RUSSIAN LITERATURE AND CULTURE

RUSSIAN LITERATURE AND CULTURE

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Last update 18/07/2020 16:59
Code
65284
ACADEMIC YEAR
2020/2021
CREDITS
6 credits during the 1st year of 9265 MODERN LANGUAGES AND LITERATURES FOR CULTURAL SERVICES (LM-37) GENOVA
SCIENTIFIC DISCIPLINARY SECTOR
L-LIN/21
TEACHING LOCATION
GENOVA (MODERN LANGUAGES AND LITERATURES FOR CULTURAL SERVICES)
semester
1° Semester
modules
This unit is a module of:
Teaching materials

OVERVIEW

This course proposes the reading and analysis of Russian prose and poetry. The specific topic and reading list change every year. The topic for 2017-2018 is:

TOLSTOJ: THE BEGINNING AND END OF A WRITER

AIMS AND CONTENT

LEARNING OUTCOMES

These courses examine topics and problems in Russian literature and culture from its origins to the present. In class work includes the reading and translation of excerpts from the works of significant authors and critics.

AIMS AND LEARNING OUTCOMES

This course provides (1) an introduction to problems linked with the formation of a literary canon; (2) familiarity with the evolution of Russian women's writing from its origins until roughly 1881; (3) an introduction to Russian literary texts from the 18th and 19th centuries in the original; (4) familiarity with a number of Russian women writers, their texts and historical contexts; (5) an introduction to research methodology and techniques in the field of Russian cultural studies; (6) an opportunity to participate in ongoing projects of scholarly research, including the translation of literary texts never before translated into other languages.

Teaching methods

This course will be held online during the first semester via Aulaweb together with Teams, Zoom and/or Google Meet. Details and updates on the course as it evolves will always be on Aulaweb.

SYLLABUS/CONTENT

Course title: The Women's Literary Canon in 18th- and 19th-century Russia

This course examines the problematics of forming a women's canon in Russian literary tradition, ranging from the very definition of the "Russian tradition" (geography, language, ethnicity, social estate, etc.), to that of "literature", to issues of women's participation in an evolving literary context, including limited access to education and to the means of publication. We will examine the clues and traces that allow us to formulate women's literary history, commonplaces, and issues yet unresolved. The course will include a general discussion of the evolution of women's writing in the period in question (according to chronology and to literary genre); the reading together of various texts in the original; the analysis of specific women's fortunes in literary historiography (especially in writers' dictionaries).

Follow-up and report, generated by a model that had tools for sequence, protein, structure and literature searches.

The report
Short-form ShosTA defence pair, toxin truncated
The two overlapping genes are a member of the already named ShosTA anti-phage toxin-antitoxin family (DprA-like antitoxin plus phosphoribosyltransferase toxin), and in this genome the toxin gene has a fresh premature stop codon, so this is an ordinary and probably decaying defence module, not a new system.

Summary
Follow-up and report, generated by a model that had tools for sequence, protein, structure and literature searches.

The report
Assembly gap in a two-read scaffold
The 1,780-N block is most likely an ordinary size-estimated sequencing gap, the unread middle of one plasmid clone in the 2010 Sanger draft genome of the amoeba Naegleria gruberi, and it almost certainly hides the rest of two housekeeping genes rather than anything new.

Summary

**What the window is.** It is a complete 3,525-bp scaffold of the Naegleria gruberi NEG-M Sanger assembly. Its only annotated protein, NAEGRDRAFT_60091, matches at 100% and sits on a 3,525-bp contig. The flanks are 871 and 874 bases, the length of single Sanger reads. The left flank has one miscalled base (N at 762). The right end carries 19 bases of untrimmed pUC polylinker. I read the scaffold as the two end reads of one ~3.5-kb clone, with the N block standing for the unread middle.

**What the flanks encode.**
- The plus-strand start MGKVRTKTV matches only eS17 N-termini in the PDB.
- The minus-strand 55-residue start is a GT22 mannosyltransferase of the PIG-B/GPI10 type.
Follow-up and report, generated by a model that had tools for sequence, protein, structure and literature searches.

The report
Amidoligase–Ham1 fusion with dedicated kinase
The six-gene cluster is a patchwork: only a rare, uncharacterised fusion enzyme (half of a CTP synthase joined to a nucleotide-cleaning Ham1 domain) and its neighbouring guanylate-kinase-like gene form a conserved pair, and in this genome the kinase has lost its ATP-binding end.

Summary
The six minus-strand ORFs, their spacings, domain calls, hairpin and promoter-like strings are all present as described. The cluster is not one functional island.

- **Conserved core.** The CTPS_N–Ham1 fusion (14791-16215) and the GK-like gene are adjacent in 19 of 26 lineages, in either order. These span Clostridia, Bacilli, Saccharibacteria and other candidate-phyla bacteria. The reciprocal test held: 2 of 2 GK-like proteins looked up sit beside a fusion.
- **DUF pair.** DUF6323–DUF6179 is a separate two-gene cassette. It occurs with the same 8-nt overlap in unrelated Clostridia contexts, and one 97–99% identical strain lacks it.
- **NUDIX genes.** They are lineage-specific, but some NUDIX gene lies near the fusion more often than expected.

RECOMMENDED READING/BIBLIOGRAPHY

THIS READING IS NOT "RECOMMENDED": IT IS MANDATORY!

See the Italian version of the program. 

TEACHERS AND EXAM BOARD

Ricevimento: My office hours and/or the procedure for setting up an appointment will be posted on my page on the Lingue site (http://www.lingue.unige.it/?dipendente=c05907).

Exam Board

SARA DICKINSON (President)

MARIO ALESSANDRO CURLETTO

LAURA SALMON (Substitute)

LESSONS

Teaching methods

This course will be held online during the first semester via Aulaweb together with Teams, Zoom and/or Google Meet. Details and updates on the course as it evolves will always be on Aulaweb.

LESSONS START

The first week of the semester

EXAMS

Exam description

oral and written assignments or oral exam

Assessment methods

This course is designed as a laboratory that requires active student participation and those who do actively participate will not be required to take a final exam. "Active participation" means (1) attending at least 67% of the class hours (24) and (2) successfully completing the coursework and assigned (individual or group) projects in a timely fashion (and before the end of February 2021). For these students, a brief conversation with the instructor to review the completed assignments will conclude the course.

Students who attend at least 67% of the classes but are unable to complete all of the assignments or who complete the assignments without having attended 67% of the course should speak with the instructor about the possibility of bending these rules a bit. Students who attend more than 67% of the classes may also opt to take an oral exam at the end of the course rather than complete assignments.

Students who less than 67% of the classes will have more reading and an oral exam at the end of the course. The final exam may be held in Italian, Russian, or English as the student prefers. A key part of the exam will be the discussion of textual excerpts in Russian.

Exams for this course will be held in January/February, July/August and September of 2021, as well as in January/February 2022 (by appointment)

FURTHER INFORMATION

Students must follow the course on Aulaweb as well (for updates on the syllabus, the lectures, and the exam).